Vivat Bacchus South African Wine Festival

There are a few wine fans where I work and they tell me they enjoy reading my ramblings about the subject. On a Monday we’ll often have a chat about what was drunk over the weekend (obviously I’d never let on that I sometimes have a tipple on a school night!). John is a South African who only seems to drink South African wine, and Michelle loves big gutsy reds; so when I got an email from Vivat Bacchus about their South African wine festival, we decided to go for it.

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Vivat Bacchus describes itself as “a celebration of rustic, robust food, artisan cheeses and great wines” and I would say its not far from the truth – however the food is definitely on the polished side of rustic! The festival ran for three days, with a tasting of 8 South African winemakers followed by a wine dinner, with different wine makers featured each night. We went for the dinner on the Tuesday as the producer of one of my favourite white wines, De Morgenzon, was on the bill.

First of all the tasting was quite an eye opener. I was expecting a lot of Chenin Blanc and Pinotage, but what was delivered was almost a homage to The Rhone Valley – Viognier and Roussane whites and Syrah and Mouvedre reds. It’s an exciting time for South African wines and there were some excellent wines on show. However I did feel many of the wines were a work in progress and I’d love to have had a few more Chenin, Cabernet and Pinotage based wines as a benchmark. When we got to a Cabernet/Syrah blend, John muttered the immortal words “I cut my milk teeth on wines like this!” – here he is telling us about it!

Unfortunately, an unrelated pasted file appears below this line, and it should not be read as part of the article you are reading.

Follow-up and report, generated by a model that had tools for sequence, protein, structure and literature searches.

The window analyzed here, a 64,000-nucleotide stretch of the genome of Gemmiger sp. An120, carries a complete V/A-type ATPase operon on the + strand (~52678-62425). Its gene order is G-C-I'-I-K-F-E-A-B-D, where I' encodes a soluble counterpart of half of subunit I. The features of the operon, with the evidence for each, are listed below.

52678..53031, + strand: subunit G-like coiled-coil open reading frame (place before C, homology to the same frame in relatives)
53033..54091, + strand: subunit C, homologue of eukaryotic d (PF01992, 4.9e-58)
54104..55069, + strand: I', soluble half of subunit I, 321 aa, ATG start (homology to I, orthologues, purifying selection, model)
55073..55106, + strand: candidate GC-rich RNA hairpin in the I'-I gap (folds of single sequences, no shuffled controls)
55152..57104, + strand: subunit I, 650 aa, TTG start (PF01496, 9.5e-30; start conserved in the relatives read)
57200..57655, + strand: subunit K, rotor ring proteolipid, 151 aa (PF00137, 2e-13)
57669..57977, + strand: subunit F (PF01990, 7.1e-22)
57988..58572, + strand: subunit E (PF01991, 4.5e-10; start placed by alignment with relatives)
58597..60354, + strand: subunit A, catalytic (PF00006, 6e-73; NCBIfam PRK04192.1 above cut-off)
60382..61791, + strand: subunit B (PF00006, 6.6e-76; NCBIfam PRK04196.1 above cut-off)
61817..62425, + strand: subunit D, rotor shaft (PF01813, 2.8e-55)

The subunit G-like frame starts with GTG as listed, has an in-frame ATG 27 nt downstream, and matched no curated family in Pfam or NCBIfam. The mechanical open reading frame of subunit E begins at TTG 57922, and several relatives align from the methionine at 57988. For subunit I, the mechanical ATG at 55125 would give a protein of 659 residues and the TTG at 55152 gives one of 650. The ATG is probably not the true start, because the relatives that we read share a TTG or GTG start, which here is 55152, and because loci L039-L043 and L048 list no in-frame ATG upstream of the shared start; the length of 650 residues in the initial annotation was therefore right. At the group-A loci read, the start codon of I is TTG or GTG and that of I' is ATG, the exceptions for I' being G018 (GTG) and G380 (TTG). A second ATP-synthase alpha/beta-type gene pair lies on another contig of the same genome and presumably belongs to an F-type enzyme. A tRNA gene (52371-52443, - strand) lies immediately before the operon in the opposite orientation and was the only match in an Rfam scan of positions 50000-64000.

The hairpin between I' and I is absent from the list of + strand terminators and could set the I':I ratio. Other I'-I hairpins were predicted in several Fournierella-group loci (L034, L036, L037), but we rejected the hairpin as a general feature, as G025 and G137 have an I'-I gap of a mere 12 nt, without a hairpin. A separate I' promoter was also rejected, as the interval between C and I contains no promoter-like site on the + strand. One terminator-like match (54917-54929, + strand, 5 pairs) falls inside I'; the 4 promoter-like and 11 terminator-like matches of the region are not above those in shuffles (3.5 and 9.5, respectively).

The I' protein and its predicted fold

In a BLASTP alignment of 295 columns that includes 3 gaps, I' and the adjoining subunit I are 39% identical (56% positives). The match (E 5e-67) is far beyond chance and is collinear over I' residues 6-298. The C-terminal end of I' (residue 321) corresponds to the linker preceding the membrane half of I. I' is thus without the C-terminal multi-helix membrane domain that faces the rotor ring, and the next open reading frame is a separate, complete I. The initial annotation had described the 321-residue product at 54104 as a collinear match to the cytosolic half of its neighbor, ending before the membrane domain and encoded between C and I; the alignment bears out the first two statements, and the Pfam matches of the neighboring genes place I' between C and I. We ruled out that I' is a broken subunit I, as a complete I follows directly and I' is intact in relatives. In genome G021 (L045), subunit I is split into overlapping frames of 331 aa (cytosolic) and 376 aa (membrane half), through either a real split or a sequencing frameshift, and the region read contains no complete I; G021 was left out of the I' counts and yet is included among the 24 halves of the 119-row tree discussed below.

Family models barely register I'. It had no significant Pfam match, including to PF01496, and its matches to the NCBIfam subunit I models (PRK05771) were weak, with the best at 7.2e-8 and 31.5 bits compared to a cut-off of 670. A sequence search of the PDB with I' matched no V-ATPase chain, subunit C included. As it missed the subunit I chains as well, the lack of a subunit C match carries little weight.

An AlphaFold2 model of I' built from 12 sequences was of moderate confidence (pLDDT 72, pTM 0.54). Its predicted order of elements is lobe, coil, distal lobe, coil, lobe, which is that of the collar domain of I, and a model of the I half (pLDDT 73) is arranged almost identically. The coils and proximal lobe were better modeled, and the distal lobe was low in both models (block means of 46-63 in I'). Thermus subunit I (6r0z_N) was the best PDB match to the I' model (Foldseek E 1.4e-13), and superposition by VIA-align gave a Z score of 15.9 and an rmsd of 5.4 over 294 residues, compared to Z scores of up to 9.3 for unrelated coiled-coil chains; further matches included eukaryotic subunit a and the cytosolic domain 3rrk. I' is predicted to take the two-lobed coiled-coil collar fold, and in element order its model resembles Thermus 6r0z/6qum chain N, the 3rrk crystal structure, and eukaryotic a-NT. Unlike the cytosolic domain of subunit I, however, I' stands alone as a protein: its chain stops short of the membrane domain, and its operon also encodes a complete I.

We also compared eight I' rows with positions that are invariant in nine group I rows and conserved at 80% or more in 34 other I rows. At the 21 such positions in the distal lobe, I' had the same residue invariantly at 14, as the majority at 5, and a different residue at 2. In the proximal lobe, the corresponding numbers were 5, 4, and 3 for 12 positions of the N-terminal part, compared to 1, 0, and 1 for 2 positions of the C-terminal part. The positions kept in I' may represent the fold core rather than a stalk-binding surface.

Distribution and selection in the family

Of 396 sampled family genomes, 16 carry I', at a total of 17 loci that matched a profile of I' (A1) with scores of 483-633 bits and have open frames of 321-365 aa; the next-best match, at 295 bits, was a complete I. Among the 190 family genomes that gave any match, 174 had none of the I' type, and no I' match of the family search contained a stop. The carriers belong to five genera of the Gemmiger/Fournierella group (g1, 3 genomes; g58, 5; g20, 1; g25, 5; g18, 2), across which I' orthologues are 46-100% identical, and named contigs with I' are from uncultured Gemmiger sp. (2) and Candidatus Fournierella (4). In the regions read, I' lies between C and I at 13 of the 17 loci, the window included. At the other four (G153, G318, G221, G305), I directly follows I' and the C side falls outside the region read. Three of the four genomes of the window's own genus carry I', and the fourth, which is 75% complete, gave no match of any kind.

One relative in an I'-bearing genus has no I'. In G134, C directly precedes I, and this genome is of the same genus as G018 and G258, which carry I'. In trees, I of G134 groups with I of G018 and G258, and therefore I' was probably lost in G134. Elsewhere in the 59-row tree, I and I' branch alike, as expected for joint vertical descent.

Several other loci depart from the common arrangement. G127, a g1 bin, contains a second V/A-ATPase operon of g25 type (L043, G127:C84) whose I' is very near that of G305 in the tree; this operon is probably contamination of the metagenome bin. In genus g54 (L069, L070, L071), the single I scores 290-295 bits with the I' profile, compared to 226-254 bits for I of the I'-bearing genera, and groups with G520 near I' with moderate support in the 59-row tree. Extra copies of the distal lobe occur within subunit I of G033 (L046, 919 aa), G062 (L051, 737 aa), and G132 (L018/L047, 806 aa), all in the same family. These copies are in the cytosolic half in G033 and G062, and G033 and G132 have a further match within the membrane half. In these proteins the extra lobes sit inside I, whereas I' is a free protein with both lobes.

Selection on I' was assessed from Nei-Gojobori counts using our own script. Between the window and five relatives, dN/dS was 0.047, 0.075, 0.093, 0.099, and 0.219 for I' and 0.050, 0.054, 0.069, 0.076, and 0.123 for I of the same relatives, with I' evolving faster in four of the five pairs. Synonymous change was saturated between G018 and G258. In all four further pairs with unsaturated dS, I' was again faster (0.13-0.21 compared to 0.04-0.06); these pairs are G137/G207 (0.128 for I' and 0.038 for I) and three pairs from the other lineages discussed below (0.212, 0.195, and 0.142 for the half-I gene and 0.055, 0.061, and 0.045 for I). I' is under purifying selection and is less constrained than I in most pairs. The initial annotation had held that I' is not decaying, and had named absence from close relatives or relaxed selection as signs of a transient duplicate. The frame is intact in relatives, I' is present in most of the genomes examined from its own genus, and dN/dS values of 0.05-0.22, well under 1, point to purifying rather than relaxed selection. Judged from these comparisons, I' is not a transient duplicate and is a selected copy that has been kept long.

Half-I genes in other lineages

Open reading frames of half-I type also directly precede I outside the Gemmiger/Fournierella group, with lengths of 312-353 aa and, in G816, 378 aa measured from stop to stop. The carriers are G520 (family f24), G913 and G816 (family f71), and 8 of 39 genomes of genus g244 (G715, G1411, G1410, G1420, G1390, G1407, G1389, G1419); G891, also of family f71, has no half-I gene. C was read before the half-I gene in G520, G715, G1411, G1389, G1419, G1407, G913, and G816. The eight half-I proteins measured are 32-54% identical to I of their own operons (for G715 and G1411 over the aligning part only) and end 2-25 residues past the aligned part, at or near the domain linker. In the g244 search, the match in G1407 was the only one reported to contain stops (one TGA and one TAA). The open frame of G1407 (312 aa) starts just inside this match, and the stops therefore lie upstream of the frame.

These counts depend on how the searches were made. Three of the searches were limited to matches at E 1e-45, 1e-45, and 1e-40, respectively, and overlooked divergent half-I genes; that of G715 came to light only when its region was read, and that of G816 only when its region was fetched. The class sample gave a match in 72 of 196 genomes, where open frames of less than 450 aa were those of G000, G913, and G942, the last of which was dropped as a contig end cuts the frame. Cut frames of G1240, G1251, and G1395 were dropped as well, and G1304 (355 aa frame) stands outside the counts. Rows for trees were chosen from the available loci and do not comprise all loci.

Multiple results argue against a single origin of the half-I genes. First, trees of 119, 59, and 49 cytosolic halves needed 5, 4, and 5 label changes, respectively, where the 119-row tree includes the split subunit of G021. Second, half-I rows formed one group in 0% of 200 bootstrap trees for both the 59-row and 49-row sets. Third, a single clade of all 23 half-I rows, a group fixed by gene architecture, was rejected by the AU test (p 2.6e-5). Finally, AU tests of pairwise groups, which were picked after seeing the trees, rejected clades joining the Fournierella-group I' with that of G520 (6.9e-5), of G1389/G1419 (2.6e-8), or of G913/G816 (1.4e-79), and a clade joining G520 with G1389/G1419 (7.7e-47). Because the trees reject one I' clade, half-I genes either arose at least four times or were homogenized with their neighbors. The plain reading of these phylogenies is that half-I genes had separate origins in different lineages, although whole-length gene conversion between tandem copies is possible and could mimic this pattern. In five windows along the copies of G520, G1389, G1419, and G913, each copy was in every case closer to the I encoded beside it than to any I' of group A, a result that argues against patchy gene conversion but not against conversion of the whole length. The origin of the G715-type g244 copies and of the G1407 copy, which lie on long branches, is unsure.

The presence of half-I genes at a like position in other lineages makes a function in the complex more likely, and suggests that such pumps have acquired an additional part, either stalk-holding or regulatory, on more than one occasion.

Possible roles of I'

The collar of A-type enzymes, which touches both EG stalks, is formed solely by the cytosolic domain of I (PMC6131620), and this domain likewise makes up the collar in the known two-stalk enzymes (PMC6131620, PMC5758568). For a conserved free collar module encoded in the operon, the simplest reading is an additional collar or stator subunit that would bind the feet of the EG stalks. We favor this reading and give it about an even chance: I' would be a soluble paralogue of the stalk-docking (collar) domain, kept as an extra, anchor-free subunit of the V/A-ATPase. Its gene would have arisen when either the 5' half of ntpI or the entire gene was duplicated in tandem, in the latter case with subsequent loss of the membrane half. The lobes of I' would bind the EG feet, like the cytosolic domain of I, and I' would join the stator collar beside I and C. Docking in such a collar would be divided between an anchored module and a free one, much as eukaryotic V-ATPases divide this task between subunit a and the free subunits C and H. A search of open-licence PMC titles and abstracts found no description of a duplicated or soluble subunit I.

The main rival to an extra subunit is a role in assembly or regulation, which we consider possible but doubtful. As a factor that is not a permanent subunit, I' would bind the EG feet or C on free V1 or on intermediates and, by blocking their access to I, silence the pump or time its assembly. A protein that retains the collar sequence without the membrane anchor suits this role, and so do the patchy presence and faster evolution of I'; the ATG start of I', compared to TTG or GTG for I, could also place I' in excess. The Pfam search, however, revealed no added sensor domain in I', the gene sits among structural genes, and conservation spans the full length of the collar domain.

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But as I’ve already said, there were some excellent wines, and these were my picks of the night:

De Morgenzon Garden Vineyards Rose 2012, Stellenbosch (£11.25)
The smell of summer. Lots of red fruit with wild strawberries and red currants. Mouth-puckeringly dry, simple but tasty. 88 points

High Constantia Sebastiaan 2003 (unavailable in UK)
A Bordeaux blend with lots of red fruit, smoke and earthy minerality. I was surprised that the wasn’t more than 30% Cab Franc in the blend as it was very aromatic. Quite tannic upfront but melted away to reveal red currants and spice. Good length. 91 points

Mont du Toit Kelder Le Sommet 2003, Western Cape (£62.50)
The blend isn’t divulged but I suspect there is a high proportion of Cabernet and Syrah. Lots of dark cherry, plum and black currant and warm spices. There is a wonderful balance of smooth tannins and lively acidity. A damn good wine. 92 points (we also tried the 2002 which ad been decanted but it didn’t have the elegance or balance of the 03)

Paul Cluver Chardonnay 2011, Elgin Valley (£17.50)
Beautiful peach and melon fruit with just a hint of the tropics, all snugly held together with beautifully judged oak. Very fresh with razor sharp acidity. 90 points

Paul Cluver Riesling, Elgin Valley (£13.50)
See note in dinner section.

Rustenberg Straw Wine 2011 (£12.50 375ml)
See note in dinner section.

Spice Route Chakalaka 2009, Swartland (£16.00)